Here’s the tale of  two cases with four lessons about Title VII and the Equal Pay Act when it comes to claims that an employer (in this case, Dollar Tree Stores) pays employees (in this case, Dollar Tree Store Managers) less because of their gender.  As we’ve said previously, claims for pay discrimination can be brought under both laws. 

The first case was filed in 2008 in federal court in Alabama by Cynthia Ann Collins and Beryl Dauzat against Dollar Tree alleging that the company violated the Equal Pay Act by paying them and other female Store Managers less compensation than male Store Managers doing the same work.  In 2009, the court certified an opt-in collective action under Section 216(b) of the Fair Labor Standards Act (or, the “FLSA,” of which the Equal Pay Act is a part), allowing all women who were classified as Store Managers for Dollar Tree between 2006 and 2009 to join the lawsuit.  Under the court’s order, notice of the lawsuit was sent to all Dollar Tree Store Managers employed by the company between 2006 and 2009.  To join the lawsuit, a woman would have to complete and sign a form and send it to the court no later than the deadline expressly consenting to become a party to the lawsuit and authorizing the named plaintiffs and their counsel to act as her agents in prosecuting her Equal Pay Act claims against Dollar Tree.  About 350 women joined the lawsuit.

Later in 2009, Collins and the other plaintiffs sought to amend their complaint to bring claims under Title VII alleging that Dollar Tree discriminated against them by paying them less than their male counterparts, and to certify those claims for a Rule 23 opt-out class action.

Lesson #1:  Equal Pay Act claims cannot be brought as a Rule 23 opt-out class action.  Section 216(b) of the FLSA (again, of which the Equal Pay Act is part) provides:

No employee shall be a party plaintiff to any such action unless he gives his consent in writing to become such a party and such consent is filed in the court in which such action is brought.

By contrast, under Rule 23, if a court certifies a class which is defined to include you, then you are and remain a class member unless you affirmatively opt-out of the class.  On the flip side, the standards for certifying an FLSA collective action are easier to satisfy than the standards for certifying a Rule 23 class action.

Back to our tale.  Dollar Tree opposed the plaintiffs’ efforts to amend the complaint with the Title VII claims on the ground that the Alabama court was not the proper venue for them.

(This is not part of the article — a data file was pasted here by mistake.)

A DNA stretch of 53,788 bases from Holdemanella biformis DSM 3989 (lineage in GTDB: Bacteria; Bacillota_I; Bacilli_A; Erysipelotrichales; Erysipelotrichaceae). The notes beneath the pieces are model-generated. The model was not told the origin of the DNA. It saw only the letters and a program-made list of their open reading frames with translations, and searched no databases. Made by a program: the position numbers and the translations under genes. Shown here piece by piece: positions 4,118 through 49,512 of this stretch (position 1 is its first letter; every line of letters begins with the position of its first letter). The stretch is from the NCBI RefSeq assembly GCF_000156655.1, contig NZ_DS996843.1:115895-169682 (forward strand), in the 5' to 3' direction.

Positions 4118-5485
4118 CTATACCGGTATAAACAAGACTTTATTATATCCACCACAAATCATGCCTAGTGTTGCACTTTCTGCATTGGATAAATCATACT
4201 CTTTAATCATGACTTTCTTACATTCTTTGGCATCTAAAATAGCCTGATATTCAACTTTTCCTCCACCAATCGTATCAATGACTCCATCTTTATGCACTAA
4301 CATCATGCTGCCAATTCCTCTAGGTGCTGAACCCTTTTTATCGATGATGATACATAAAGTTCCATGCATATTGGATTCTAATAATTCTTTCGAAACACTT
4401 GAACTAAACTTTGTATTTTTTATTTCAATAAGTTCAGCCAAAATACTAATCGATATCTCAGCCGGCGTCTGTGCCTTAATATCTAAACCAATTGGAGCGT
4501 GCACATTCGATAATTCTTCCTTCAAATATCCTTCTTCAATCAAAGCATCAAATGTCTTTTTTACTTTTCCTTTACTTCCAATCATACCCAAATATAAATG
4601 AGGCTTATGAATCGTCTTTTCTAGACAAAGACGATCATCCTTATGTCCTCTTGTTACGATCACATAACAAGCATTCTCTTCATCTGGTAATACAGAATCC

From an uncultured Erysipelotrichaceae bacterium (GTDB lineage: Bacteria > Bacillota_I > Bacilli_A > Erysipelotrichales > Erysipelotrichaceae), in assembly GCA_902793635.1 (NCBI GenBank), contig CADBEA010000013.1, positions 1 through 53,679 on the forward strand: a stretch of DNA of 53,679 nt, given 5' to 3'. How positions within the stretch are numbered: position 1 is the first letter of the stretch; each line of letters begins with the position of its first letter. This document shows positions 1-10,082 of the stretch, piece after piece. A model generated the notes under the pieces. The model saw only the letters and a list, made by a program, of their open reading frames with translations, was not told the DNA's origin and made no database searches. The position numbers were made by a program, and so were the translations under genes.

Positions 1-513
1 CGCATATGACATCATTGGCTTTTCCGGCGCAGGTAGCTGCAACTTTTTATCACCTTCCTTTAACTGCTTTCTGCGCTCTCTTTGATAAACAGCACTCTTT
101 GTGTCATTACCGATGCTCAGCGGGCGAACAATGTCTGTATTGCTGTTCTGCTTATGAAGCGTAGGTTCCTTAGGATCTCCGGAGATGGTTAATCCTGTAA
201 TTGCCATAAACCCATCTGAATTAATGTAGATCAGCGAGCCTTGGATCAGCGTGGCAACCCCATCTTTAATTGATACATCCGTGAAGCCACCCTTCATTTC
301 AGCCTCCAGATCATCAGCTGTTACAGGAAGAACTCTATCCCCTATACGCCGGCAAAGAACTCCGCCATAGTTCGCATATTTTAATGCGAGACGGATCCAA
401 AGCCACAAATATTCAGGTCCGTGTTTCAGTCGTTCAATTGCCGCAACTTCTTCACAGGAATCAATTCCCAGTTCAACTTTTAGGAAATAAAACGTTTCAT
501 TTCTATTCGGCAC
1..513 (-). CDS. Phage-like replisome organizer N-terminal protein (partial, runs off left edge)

Lesson #2:  Title VII, in contrast to the Equal Pay Act, has strict requirements about venue.  42 U.S.C. § 2000e-5(f)(3) provides that venue lies (1) “in any judicial district in the State in which the unlawful employment practice is alleged to have been committed,” (2) “in the judicial district in which the employment records relevant to such practice are maintained and administered,” or (3) “in the judicial district in which the aggrieved person would have worked but for the alleged unlawful unemployment practice.” 

The Alabama court agreed with Dollar Tree that the court was not the right venue and denied the plaintiffs’ request to amend their complaint with the Title VII class action claims.

The second case was filed the next day in federal court in Virginia, where Dollar Tree is headquartered (to solve the venue issue) by Collins and others alleging their Title VII class action claims against Dollar Tree. Dollar Tree argued that the claims were time-barred because they were not filed within 90 days of the plaintiffs receiving their Right to Sue letters from the EEOC.   Dollar Tree further argued that the statute was not tolled (that is, the 90-day clock did not stop ticking) while the plaintiffs were waiting for a decision from the Alabama court on whether they could amend their complaint with their Title VII claims in that case.  The Virginia court agreed with Dollar Tree, and then, last week, so did the Fourth Circuit

Lesson #3:  For a Title VII claim to be valid, the plaintiff first has to file a charge with the EEOC within 180 days of the alleged violation.  The Lilly Ledbetter Act, as we have described, changed the law on what that time limit means in the pay discrimination context.  A second statute of limitations – the one that was at issue in the Dollar Tree case – applies to Title VII claims.  In order to timely file a Title VII claim in court, the plaintiff has to do so within 90 days of receiving a Right to Sue Letter from the EEOC. 

Is this the end of our tale?  Most likely, yes.  From what we can tell, the first (Equal Pay Act) case settled on confidential terms after the Alabama court decertified the collective action.  The second (Title VII) case came to an end with the Fourth Circuit’s decision last week.

Lesson #4:  Collective actions may be easier to come by than class actions, but they are also generally more vulnerable to decertification by the court later, after more facts come to light through discovery in the case.